Samuel Johnson.

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                        • #27
                          A discussion of the EU, a post war political organization was moved from the WW2 section to the Europe section as it is better suited for that section of the forum
                          Thank you ACG Staff

                          Comment


                          • #28
                            Originally posted by Kurt Knispel View Post
                            1. The failure of Britain, and especially France to immediately attack Germany after Hitler seized Poland. What is the sense of declaring war and then sitting around for months and months so you could organize properly and bring all your forces to bear in a set piece attack leaving nothing to chance. Two thirds of Germany's forces were deployed in Poland after the fall of Poland. This was the time for action by the French and British. 
                            I used to think so, but keep in mind the horrors of WW1 were still fresh in everyone's mind. There was still the very faint hope the Germans would come to their senses, or after defeating Poland, and extracting some concessions, like regaining all the land they lost after WW1, they would withdraw, thus avoiding a general European wide conflict. A generation of young men were wiped out in WW1, and they would do anything to avoid it.

                            Tactically, the smart move might have been to attack Germany after Poland, but if they had done so, we would be second guessing their actions to this day, kind of the way we do with the dropping of the A-bomb. This way, at least morally, their was no question of who was in the right, and all the Allied leaders could at least know they had tried their best to avoid war

                            2. The Soviet Red Army's will to persevere no matter what happened 22 June 1941-November 1941. They were a determined bunch totally underestimated by Hitler and his General Staff and their intelligence department. 
                            If the Germans were smart, they would have tried to make allies of the Russians and Ukranians they conquered, many of which had no love for the communist government and Stalin. But the Nazis contempt and treatment of the native peoples turned most of them to support the devil they knew. But even with the Nazis contempt of the Slavic people, they still managed to find Ukranians to fight against the Soviets, so great was their hatred against the Communist.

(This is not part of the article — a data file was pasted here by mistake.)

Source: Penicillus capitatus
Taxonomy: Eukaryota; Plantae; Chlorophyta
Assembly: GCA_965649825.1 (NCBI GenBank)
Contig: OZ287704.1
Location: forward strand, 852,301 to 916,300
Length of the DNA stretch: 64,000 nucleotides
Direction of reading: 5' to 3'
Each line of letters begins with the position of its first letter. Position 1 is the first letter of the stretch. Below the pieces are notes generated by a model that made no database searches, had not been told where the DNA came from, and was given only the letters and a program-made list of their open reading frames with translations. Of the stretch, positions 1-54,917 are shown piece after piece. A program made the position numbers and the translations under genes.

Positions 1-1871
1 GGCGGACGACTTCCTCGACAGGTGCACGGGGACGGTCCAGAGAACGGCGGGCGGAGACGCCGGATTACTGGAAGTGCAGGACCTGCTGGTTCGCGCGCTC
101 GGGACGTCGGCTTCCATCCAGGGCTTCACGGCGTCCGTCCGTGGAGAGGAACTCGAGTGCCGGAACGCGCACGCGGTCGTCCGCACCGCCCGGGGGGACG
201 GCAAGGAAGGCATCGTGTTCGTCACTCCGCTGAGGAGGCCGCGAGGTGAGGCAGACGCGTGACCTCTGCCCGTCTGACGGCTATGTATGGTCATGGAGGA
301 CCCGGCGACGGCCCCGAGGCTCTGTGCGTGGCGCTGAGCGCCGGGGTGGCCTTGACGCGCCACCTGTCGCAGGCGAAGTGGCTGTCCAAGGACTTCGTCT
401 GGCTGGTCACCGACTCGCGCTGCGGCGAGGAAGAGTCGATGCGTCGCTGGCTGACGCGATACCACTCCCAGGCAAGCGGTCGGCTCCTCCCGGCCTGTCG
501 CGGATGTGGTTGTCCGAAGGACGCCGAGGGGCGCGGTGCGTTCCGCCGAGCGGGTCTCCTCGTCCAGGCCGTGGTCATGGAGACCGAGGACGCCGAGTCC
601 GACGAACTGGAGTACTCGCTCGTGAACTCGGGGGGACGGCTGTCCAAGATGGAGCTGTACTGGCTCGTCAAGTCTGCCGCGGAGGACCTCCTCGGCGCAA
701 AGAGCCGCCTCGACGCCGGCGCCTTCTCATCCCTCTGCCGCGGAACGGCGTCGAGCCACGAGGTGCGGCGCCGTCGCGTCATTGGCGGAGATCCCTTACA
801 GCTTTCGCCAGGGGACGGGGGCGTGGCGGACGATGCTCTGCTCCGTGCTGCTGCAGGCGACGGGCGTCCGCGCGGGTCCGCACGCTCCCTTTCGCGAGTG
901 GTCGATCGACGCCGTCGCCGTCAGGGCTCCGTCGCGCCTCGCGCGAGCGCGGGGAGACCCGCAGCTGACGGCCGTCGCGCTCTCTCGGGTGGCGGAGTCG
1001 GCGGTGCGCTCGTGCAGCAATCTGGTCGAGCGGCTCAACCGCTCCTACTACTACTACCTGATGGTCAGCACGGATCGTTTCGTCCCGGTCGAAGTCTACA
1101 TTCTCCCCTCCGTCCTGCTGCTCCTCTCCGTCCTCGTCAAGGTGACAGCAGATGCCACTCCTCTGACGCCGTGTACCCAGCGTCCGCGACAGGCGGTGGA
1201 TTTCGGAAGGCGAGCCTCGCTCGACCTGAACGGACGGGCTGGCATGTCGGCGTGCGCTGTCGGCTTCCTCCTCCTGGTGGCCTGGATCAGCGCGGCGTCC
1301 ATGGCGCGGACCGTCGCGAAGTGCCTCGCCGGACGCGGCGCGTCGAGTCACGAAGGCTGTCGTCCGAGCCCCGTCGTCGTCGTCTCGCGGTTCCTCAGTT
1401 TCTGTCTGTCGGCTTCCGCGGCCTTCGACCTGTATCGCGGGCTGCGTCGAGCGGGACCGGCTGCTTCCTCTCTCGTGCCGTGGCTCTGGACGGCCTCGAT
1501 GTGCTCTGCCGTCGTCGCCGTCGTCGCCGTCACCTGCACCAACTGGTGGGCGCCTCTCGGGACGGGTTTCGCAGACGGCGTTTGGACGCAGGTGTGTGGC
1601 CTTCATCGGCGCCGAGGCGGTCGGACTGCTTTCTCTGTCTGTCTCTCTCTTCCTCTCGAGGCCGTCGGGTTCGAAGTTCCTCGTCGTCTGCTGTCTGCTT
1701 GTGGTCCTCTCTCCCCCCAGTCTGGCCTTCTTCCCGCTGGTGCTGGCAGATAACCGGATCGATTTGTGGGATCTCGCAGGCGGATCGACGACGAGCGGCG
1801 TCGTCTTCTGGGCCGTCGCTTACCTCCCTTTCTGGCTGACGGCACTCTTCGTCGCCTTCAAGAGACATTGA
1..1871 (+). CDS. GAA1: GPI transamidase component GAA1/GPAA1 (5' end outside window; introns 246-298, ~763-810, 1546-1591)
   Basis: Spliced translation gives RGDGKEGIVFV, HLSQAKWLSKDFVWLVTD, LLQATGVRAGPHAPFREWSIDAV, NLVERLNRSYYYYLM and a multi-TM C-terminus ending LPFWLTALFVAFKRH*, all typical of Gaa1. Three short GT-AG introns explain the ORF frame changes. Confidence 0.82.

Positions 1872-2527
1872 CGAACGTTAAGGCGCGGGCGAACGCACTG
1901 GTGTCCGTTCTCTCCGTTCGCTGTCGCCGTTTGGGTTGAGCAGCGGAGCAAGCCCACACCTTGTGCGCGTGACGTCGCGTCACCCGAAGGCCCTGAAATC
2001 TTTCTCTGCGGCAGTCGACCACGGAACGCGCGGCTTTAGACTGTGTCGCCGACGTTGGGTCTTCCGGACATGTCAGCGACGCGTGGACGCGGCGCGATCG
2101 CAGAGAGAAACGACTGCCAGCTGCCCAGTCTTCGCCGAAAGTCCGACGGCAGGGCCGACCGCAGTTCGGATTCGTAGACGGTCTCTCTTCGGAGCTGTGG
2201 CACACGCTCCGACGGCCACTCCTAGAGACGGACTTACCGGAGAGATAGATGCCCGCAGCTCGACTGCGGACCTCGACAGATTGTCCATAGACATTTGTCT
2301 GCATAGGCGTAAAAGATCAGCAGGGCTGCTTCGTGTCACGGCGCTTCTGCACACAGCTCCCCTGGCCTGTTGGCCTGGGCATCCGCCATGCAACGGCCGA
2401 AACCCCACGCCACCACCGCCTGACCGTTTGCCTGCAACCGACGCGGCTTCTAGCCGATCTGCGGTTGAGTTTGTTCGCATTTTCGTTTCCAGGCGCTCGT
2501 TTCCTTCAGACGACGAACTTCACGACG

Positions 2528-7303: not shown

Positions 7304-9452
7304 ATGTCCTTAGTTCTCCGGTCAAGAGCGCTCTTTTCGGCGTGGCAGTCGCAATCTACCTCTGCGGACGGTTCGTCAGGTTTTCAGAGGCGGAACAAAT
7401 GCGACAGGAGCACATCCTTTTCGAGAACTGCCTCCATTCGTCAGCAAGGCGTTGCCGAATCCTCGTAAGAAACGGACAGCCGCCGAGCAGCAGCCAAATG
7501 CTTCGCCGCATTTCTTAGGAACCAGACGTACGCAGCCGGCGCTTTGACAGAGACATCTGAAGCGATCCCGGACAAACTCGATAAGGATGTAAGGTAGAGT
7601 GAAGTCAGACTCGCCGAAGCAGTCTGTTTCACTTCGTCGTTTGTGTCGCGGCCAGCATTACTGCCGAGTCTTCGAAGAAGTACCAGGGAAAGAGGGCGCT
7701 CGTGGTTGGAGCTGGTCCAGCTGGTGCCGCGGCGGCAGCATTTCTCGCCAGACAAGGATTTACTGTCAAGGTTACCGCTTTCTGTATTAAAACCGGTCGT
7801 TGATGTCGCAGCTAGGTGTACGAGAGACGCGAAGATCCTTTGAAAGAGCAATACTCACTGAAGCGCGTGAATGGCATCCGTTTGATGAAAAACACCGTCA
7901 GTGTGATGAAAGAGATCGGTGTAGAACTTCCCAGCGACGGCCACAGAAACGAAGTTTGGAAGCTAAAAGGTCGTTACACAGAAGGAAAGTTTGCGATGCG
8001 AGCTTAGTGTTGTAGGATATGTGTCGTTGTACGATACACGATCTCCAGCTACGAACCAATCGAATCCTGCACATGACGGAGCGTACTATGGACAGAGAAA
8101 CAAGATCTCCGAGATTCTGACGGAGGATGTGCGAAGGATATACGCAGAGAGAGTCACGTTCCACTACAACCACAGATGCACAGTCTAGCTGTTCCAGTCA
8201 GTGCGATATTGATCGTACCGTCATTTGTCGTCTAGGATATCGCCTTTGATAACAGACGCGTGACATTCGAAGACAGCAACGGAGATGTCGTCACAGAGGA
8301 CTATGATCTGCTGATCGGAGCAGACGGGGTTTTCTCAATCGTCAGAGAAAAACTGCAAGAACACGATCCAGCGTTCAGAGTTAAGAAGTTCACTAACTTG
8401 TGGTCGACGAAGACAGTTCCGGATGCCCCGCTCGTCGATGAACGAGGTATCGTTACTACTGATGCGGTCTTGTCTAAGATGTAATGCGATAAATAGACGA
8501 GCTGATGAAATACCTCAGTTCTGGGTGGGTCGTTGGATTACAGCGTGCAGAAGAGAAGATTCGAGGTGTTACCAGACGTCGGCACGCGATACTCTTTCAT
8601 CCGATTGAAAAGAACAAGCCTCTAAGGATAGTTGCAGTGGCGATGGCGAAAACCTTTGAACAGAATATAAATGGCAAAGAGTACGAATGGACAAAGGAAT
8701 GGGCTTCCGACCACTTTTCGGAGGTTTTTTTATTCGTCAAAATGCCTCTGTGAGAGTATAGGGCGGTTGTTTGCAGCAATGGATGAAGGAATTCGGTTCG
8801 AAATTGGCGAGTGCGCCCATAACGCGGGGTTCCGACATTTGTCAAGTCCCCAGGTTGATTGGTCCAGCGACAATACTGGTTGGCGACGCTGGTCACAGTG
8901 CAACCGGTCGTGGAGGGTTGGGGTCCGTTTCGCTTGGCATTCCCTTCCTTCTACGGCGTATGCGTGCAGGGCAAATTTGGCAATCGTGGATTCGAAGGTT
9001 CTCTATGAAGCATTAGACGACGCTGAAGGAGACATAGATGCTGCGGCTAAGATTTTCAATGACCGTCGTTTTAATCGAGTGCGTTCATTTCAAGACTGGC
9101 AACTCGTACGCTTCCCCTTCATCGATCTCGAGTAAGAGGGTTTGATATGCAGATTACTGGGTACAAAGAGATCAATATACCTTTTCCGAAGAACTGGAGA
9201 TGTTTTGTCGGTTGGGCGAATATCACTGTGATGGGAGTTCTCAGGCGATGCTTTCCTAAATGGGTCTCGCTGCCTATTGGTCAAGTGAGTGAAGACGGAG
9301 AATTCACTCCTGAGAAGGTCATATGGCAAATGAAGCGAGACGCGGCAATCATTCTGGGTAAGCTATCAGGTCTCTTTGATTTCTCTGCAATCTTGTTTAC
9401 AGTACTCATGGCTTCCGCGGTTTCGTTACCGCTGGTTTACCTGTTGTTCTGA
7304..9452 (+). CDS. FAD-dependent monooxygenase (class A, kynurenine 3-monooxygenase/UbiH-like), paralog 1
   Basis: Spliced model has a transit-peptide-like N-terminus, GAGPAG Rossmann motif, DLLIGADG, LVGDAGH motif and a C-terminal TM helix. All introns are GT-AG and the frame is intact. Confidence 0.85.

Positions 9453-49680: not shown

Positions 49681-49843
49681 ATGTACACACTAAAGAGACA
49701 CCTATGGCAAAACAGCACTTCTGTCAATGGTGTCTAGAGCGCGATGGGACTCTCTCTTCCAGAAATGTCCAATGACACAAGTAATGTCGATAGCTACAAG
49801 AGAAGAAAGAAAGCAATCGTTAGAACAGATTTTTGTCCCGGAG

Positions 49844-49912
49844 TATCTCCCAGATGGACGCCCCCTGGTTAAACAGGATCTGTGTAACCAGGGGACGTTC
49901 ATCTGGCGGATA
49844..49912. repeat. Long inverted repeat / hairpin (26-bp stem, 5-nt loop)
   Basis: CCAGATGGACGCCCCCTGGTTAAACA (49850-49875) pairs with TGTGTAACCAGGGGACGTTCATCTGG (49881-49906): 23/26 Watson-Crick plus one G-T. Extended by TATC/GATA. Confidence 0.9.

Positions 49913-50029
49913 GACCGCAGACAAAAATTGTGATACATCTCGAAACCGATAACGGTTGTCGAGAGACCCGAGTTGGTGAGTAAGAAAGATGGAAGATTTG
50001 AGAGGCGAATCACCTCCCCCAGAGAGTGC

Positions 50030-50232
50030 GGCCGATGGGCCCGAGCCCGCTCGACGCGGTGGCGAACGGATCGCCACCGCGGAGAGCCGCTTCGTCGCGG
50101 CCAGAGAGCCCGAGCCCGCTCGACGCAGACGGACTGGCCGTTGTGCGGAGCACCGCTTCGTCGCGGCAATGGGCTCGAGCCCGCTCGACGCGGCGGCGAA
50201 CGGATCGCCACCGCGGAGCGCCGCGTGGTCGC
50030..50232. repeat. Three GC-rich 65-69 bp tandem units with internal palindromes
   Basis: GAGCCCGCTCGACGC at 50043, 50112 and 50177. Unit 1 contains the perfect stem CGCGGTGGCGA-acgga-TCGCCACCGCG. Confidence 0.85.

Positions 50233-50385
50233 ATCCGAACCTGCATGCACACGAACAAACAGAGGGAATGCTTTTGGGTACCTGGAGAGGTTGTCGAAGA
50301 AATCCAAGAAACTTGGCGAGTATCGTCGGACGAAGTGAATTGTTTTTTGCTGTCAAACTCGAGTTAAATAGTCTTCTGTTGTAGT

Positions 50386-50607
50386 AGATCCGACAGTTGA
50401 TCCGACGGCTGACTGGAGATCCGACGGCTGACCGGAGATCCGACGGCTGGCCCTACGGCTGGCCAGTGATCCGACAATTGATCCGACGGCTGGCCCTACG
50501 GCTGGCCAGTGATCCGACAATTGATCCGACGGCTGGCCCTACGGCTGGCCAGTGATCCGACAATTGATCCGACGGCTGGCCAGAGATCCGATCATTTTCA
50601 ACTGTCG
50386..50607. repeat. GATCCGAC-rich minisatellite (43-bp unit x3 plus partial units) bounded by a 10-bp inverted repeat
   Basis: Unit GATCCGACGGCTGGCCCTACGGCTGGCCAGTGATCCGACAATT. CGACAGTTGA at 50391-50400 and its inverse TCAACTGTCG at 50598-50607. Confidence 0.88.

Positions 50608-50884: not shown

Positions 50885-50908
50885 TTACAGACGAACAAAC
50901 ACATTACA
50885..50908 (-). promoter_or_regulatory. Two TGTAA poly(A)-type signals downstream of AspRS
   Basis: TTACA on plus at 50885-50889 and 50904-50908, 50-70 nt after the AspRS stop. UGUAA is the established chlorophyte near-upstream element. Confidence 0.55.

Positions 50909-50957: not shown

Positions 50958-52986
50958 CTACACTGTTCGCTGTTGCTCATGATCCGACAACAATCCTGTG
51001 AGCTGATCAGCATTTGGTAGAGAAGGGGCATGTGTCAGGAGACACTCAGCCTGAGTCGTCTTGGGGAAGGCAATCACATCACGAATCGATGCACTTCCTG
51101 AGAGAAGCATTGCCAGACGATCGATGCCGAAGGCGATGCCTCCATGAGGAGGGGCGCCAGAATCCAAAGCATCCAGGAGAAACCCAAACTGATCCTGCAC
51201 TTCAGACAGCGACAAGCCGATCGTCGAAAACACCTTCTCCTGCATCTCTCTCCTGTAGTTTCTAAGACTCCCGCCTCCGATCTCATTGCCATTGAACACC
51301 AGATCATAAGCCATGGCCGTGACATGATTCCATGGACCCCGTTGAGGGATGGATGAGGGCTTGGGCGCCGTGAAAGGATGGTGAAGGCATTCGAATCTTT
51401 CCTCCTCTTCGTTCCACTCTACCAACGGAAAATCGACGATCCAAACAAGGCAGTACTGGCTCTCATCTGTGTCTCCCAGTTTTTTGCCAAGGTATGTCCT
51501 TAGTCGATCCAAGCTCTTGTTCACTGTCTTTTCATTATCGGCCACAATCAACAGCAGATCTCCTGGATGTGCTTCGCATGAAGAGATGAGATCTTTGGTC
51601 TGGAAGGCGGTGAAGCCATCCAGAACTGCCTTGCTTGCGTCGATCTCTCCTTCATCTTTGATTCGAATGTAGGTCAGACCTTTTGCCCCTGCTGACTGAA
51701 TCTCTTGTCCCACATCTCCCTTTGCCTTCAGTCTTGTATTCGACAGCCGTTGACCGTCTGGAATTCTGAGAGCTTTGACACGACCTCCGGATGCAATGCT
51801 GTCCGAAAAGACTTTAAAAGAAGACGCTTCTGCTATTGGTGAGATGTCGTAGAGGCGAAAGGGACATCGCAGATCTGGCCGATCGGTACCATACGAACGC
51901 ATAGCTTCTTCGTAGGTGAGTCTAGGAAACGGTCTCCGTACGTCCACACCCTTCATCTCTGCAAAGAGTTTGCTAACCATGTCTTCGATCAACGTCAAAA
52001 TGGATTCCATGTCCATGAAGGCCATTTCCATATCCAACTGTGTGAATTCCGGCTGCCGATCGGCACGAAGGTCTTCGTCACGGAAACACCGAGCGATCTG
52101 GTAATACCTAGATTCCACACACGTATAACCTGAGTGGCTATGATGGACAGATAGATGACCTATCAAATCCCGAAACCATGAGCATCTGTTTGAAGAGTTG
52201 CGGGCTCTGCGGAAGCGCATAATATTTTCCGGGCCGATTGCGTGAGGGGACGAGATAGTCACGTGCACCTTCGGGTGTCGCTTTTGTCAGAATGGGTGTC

3. United States listening to Churchill's "soft underbelly" theory of defeating Germany in Africa and by creeping up Italy at a snails pace instead of an invasion in NW Europe 1 year earlier.

                            Regards,Kurt
                            US didn't have the landing craft or the experience in sea based landings to invade France a year earlier. It took time to build up the invasion force required, the Allies were not ready to invade NW Europe a year earlier.

                            I think the single thing not fully appreciated was the superior technology of the Allies. While German rockets and jets and such get all the press, none of the areas where the Axis possed a technological did it make a decissive difference in combat. Jets, rockets came too late to change the outcome of the war, and in planes, ships the Axis really weren't any better than the Allies, submarines included (until near the end, when it was too late.)